October 25, 2019Sudan
Welcome to “Women Around the World: This Week,” a series that highlights noteworthy news related to women and U.S. foreign policy. This week’s post, covering October 11 to October 24, was compiled by…
October 25, 2019Election 2020
Each Friday, I look at what the presidential challengers are saying about foreign policy on the campaign trail.
October 24, 2019South Africa
On October 23, Mmusi Maimane resigned as the leader of the Democratic Alliance (DA). His resignation was preceded by that of the DA mayor of Johannesburg, Herman Mashaba on October 21, and immediately followed by that of the party’s federal chairperson, Athol Trollip.
October 23, 2019Europe
This week’s episode of The President’s Inbox is live. I sat down with Sebastian Mallaby, CFR’s Paul A. Volcker senior fellow for international economics, to discuss the deal that British Prime Minist…
October 23, 2019Sierra Leone
Sierra Leone currently ranks as one of the least developed countries in the world, with a GDP per capita of less than $300 and high levels of poverty. But President Julius Maada Bio has charted an ambitious development plan for the small West African country. Since 2017, President Bio has overseen increased investment in advanced technologies in the hopes of spurring development.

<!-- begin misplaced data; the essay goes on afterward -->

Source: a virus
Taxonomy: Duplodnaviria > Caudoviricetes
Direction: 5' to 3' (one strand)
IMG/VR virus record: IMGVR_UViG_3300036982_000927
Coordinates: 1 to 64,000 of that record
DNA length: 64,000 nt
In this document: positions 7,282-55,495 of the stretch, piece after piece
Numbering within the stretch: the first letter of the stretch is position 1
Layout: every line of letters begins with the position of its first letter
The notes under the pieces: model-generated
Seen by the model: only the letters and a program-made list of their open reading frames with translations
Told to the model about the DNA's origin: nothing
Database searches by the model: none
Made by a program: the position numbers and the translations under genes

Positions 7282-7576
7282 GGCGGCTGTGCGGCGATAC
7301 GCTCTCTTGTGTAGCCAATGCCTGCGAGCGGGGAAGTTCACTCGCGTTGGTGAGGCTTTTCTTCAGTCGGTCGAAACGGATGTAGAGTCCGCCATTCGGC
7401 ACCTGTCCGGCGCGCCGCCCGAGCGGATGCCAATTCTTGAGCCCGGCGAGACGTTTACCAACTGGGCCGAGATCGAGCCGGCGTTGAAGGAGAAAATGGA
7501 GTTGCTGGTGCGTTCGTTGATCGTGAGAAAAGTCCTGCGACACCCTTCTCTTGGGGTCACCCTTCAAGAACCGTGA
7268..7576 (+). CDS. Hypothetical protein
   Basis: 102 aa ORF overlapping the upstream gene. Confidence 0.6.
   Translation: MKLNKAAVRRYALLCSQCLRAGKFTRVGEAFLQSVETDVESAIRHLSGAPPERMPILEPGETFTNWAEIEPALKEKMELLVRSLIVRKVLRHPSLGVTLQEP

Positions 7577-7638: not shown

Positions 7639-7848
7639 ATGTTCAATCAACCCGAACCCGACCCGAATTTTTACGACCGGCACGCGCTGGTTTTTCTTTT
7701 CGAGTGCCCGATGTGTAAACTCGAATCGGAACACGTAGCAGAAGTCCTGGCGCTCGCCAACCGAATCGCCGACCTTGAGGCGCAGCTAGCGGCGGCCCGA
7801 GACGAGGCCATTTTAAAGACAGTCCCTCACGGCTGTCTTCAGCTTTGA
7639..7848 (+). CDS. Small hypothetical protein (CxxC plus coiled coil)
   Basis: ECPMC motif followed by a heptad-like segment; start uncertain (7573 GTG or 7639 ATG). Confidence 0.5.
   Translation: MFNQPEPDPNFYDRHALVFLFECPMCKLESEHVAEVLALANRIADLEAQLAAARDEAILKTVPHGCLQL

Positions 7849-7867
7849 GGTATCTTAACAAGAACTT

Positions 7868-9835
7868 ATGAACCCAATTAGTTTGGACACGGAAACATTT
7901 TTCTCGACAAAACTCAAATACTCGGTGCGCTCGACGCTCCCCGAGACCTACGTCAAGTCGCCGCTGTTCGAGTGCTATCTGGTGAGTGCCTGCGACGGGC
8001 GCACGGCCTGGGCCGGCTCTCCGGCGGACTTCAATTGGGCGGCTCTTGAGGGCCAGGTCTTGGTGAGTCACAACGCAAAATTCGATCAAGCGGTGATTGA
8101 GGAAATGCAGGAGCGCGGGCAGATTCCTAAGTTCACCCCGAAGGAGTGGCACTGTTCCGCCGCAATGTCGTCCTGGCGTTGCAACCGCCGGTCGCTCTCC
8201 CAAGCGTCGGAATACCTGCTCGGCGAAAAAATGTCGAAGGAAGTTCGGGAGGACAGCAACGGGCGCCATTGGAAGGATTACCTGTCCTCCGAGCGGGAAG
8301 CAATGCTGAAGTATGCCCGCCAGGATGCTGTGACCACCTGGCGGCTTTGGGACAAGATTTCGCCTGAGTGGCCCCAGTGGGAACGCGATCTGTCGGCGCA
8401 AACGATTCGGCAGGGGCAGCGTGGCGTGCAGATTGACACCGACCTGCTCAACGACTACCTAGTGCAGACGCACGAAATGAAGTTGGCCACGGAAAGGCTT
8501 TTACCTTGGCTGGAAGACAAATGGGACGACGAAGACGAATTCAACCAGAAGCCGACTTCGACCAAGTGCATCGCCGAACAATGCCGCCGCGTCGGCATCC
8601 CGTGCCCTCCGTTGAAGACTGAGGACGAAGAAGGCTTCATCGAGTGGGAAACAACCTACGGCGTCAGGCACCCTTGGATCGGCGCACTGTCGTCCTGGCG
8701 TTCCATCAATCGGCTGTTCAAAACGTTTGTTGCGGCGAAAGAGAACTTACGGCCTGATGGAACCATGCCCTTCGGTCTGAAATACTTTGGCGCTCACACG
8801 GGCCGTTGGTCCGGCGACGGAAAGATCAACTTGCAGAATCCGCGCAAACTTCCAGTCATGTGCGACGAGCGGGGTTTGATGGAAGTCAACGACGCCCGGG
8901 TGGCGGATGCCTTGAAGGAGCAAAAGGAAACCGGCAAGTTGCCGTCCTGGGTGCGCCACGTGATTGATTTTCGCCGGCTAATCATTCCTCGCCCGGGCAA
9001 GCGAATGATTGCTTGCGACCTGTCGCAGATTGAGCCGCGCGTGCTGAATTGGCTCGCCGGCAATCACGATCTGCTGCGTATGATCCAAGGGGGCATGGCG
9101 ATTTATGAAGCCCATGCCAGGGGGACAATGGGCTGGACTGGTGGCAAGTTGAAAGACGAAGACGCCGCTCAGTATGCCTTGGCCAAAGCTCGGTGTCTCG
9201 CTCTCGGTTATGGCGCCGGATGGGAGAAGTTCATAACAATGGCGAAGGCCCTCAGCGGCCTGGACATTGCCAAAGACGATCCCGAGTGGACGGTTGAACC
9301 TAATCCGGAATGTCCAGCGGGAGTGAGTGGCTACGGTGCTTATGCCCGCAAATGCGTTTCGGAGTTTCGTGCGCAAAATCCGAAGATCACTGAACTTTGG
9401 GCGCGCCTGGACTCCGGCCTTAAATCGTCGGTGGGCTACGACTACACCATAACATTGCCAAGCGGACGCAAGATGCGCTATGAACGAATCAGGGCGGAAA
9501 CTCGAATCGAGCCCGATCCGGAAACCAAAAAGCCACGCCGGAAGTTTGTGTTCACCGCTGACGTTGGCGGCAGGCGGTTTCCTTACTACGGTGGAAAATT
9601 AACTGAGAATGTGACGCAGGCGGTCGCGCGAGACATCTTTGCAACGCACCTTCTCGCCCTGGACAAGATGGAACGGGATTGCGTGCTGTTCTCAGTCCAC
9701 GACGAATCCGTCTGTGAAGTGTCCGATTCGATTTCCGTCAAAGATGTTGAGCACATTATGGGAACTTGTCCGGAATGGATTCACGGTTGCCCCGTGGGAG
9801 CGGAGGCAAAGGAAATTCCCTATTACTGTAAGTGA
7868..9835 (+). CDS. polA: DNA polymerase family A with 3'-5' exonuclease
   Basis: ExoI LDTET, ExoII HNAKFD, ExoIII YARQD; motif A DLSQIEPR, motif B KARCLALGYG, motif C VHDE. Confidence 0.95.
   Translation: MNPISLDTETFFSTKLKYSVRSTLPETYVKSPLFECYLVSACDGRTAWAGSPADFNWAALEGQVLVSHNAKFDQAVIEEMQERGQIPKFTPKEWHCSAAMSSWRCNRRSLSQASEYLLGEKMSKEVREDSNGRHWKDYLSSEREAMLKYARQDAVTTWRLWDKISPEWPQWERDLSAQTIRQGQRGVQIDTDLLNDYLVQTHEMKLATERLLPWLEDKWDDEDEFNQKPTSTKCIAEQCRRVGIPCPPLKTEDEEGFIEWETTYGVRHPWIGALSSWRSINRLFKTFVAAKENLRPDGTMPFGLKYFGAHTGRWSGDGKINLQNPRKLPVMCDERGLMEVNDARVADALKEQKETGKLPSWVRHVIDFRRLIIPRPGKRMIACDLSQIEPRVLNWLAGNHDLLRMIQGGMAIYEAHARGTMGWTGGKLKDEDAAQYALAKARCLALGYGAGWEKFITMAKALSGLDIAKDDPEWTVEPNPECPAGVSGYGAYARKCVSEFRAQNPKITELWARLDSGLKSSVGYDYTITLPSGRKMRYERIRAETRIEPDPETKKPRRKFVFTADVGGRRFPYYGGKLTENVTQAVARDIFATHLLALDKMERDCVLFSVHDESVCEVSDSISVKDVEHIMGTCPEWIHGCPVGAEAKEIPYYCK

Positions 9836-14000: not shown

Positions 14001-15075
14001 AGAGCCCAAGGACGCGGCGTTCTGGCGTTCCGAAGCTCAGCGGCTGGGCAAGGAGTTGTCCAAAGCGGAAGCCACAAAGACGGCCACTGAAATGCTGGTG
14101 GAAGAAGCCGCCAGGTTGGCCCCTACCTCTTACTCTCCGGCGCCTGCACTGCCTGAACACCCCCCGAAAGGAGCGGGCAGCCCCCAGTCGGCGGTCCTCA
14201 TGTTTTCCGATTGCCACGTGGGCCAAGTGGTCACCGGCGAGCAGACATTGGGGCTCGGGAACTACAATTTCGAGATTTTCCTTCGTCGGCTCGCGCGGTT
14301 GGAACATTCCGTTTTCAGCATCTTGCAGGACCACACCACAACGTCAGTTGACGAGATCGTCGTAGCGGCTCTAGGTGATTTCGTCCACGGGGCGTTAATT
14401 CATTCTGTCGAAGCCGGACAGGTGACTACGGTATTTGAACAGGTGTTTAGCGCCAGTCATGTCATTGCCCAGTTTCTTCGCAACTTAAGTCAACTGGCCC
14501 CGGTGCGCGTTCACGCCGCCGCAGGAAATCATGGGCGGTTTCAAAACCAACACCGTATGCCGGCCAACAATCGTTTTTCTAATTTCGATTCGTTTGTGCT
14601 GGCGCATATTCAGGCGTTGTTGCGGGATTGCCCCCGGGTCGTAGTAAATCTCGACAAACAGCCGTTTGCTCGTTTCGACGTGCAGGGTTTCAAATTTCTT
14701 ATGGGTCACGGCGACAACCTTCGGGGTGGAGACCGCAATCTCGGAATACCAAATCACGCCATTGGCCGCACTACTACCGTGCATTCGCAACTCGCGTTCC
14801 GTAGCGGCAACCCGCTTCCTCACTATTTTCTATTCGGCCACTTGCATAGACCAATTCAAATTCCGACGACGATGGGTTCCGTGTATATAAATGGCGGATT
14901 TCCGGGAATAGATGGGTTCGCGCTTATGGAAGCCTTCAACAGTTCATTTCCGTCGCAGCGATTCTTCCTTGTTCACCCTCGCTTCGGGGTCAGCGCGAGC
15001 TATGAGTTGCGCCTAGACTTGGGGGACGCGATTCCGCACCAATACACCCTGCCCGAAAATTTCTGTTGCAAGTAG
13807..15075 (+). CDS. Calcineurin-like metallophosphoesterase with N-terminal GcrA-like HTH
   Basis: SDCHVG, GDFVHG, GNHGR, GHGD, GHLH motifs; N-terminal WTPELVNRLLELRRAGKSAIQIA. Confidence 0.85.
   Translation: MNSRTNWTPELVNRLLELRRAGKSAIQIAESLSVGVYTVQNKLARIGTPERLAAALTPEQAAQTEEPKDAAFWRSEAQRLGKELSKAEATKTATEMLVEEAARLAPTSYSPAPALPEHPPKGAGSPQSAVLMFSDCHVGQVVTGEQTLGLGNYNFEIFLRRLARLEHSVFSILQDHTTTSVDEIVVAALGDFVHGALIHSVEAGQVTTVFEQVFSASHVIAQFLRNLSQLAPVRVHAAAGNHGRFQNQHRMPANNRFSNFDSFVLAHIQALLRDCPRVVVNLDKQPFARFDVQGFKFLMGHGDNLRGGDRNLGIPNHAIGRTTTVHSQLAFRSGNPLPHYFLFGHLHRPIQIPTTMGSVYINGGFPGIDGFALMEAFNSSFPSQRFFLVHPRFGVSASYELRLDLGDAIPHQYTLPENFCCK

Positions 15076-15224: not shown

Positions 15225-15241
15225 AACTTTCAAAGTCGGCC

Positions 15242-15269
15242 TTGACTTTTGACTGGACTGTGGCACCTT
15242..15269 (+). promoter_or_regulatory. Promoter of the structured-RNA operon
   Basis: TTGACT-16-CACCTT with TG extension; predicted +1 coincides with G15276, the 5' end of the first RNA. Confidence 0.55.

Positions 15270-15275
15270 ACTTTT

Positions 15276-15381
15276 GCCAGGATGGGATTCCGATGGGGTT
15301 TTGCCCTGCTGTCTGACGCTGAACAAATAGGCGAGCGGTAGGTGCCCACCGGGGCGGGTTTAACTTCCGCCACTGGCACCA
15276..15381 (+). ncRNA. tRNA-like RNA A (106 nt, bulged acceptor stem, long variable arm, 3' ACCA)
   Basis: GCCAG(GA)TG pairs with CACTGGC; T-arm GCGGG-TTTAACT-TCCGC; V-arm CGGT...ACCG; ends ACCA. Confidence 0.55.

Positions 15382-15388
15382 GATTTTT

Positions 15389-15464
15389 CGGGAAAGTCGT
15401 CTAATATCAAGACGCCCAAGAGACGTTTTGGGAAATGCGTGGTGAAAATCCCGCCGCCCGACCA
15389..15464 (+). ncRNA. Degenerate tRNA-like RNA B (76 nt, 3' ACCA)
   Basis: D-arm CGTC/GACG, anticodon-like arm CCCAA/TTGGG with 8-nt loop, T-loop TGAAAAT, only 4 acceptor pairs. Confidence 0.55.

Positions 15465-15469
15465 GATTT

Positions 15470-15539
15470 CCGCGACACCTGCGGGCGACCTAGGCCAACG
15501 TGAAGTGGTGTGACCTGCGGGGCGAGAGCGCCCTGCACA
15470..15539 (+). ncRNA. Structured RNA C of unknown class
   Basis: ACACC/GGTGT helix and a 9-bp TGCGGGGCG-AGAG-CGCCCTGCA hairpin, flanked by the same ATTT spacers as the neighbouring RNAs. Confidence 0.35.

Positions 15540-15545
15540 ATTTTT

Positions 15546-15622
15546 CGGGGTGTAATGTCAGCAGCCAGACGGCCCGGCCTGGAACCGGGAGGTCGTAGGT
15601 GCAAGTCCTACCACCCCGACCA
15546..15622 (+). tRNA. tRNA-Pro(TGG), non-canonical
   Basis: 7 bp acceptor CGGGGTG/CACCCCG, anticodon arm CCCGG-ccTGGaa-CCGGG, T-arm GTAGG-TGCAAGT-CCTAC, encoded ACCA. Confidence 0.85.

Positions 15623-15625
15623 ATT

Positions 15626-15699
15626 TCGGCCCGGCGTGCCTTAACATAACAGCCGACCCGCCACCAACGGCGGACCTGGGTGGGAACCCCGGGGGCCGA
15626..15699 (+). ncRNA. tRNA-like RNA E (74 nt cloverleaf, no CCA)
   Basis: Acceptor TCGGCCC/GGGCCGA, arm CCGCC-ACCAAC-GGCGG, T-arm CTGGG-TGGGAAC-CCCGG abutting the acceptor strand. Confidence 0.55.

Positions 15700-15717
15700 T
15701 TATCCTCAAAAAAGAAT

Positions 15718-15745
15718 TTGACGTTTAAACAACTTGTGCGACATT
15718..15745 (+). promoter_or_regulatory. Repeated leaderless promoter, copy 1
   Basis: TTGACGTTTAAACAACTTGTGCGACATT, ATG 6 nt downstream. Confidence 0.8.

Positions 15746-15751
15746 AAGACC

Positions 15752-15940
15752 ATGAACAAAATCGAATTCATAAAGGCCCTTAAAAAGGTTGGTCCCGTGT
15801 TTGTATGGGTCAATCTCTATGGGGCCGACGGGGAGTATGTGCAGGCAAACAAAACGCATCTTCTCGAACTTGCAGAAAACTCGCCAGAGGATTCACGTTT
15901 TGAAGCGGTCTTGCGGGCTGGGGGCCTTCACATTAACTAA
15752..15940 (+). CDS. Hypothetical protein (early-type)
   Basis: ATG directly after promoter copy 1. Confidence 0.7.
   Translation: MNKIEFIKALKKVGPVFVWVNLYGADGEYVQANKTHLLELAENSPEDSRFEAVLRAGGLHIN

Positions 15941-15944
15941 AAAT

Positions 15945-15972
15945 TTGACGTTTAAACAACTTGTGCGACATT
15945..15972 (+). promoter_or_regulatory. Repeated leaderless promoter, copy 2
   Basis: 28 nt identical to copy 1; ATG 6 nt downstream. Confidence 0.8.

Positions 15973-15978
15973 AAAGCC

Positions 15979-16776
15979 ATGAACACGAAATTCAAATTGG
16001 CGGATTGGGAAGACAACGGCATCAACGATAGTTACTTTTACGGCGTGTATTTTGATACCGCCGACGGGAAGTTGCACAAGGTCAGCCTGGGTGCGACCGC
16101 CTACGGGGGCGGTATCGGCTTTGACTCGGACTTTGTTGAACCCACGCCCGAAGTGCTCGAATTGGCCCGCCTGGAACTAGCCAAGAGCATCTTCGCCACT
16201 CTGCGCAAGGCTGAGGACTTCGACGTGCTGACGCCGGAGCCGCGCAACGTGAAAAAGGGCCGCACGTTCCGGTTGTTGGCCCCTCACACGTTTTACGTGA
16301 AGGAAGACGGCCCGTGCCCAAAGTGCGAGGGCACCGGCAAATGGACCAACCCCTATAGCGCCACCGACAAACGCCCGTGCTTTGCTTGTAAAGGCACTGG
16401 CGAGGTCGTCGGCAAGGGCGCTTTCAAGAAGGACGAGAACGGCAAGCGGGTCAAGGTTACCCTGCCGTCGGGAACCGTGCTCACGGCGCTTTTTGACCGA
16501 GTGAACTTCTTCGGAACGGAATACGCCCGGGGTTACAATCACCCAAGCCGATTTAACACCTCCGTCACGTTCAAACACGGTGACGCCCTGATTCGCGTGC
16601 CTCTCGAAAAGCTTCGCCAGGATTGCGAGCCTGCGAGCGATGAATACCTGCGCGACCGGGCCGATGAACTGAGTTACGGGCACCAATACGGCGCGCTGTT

October 21, 2019South Korea
South Koreans and Americans strongly support the U.S.-South Korea security alliance as a hedge against China’s rise.
October 21, 2019Southeast Asia
Brian Braun is resident program officer in Malaysia for the International Republican Institute. Follow him at @BR_Braun. Malaysia made history on July 16 when, in the country’s first unanimous par…
October 18, 2019West Africa
Several successive years of being one of the world’s fastest-growing economies have made Côte d'Ivoire a darling of investors bullish about Africa. But the country’s strong economic performance has not been matched by political progress in overcoming the divides that drove the country into civil war twice in the last twenty years. With elections scheduled for 2020, many of the same antagonists that featured in those earlier conflicts are jockeying for position, giving observers and citizens an unwelcome sense of déjà vu.